When it comes to cutting edge progressive metal(core) the guys from The Human Abstract are at the forefront of it. Their Digital Veil album is a true technical tour-de-force. Returning guitarist A.J Minette was kind enough to answer some questions about the creative and recording sessions for Digital Veil, his classical influences and his appreciation for Matt Bellamy and his chummies in Muse..
First of all congratulations on releasing such a strong album as Digital Veil. How’s the feedback coming along and are you happy the way the record turned out?
The feedback has been great so far. We are all very proud of how the record turned out. We spent a lot of time preparing pre-production demos before we got into the actual studio. That helped things to run smoothly, and took any guesswork out of the process.
The new record is also quite different compared to the Midheaven material. It’s really technical, but catchy in a weird sense as well. How important is it for you guys to try new things with each successive record?
I didn’t want to make an album that sounded like Midheaven. I wanted to make a record that incorporated a lot of the new techniques I was learning in school studying classical music. I still wanted it to be a metal band, but I wanted the classical element as well.
It also marks your return and the debut of Travis Richter. What did Travis and you bring to the table in terms of ideas and contributions?
I wrote a lot of the material on the album and I tried to oversee the entire process from writing to recording. Travis and I worked together a lot on lyrics, and vocal melodies and tone production. Travis has brought a lot of character and personality to the live performance as well.
How did the recording and writing process go for Digital Veil compared to previous experiences?
Recording Digital Veil was the best experience we have had recording. Nocturne (debut album.ed) was very stressful, and it came down to the wire when we recorded the vocals. All the pre-pro preparation we did for Digital Veil helped to make it a smooth and exciting experience. Will Putney did a great job engineering and producing the album.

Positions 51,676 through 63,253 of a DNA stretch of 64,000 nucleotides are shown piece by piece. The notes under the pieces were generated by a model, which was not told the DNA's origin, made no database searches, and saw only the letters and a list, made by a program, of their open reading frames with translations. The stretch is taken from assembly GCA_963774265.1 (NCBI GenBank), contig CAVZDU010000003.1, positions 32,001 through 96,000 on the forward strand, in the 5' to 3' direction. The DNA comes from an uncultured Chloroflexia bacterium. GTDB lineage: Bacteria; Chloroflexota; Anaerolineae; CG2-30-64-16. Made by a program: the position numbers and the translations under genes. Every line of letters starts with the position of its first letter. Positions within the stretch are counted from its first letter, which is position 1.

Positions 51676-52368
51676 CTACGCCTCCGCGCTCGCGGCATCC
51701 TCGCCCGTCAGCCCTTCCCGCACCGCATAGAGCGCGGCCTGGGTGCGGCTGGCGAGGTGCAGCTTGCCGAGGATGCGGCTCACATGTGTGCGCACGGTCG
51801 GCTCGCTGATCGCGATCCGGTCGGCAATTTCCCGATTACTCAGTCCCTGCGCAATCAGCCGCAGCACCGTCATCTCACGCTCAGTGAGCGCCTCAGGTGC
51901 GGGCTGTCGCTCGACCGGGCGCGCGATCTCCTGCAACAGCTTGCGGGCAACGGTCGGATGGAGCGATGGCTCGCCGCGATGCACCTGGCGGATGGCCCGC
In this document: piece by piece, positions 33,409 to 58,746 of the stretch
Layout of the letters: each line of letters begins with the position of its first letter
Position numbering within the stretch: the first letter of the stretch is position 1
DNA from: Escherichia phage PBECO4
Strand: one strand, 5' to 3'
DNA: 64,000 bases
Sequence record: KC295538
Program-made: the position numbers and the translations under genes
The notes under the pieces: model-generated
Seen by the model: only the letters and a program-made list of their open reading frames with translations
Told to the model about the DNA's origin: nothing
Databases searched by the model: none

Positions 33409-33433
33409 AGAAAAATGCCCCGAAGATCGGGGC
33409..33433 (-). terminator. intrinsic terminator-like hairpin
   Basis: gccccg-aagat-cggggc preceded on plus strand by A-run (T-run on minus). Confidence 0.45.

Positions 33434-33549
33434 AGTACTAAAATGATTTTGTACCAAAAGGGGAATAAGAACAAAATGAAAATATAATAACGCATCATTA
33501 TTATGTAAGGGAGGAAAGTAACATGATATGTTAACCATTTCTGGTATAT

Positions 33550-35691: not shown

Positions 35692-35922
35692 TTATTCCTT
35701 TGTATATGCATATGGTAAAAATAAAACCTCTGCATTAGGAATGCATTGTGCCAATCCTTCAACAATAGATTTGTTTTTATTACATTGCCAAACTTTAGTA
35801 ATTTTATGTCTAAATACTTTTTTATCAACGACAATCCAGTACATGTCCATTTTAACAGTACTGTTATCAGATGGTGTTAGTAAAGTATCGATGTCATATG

How did you manage to get such a crisp sound on Digital Veil?
Rehearsing the parts and using some good recording techniques. Some of the secret techniques were Will Putney’s idea. I think a big part of that is also how the music is written. Making sure that there is enough registral space between guitar parts and voices helps with the clarity.
What I really like is the fact that the band manages to find a good balance between technicality on one side and great song writing on the other side. Songs like Complex Terms, Faust and Antebellum are great examples of that. What’s your take on that?
Technicality and good song writing has existed for hundreds of years. Only in the past century has there been this division between technicality and “great song writing”. Look at the music of Bach. The technique was just part of the music. It wasn’t just for show, it served the music well.
Horizon To Zenith has this weird Muse vibe about it, especially the vocal line in the chorus could have created by Matt Bellemy and Co. Who’s the Muse fan within The Human Abstract?
I like Muse, but I wasn’t purposely drawing from them when I wrote that song and vocal melody. I was actually trying to write something of a folk melody. I wanted to write something that was a set of variations.
What releases are you particularly looking forward to this year?
Our friends in Born of Osiris and Protest the Hero just released new albums this month! I’m so proud of all of them. I’m also looking forward to what Lamb of God and Between The Buried And Me do next.
As a final question I would like to know what’s next on The Human Abstract agenda and are there any chances for you guys to come over to Europe at some point?
I would love to make it out to Europe. I’m the only one in the band who has not toured overseas yet. Although we don’t have anything scheduled yet, I’m sure it will happen.
Written by Raymond Westland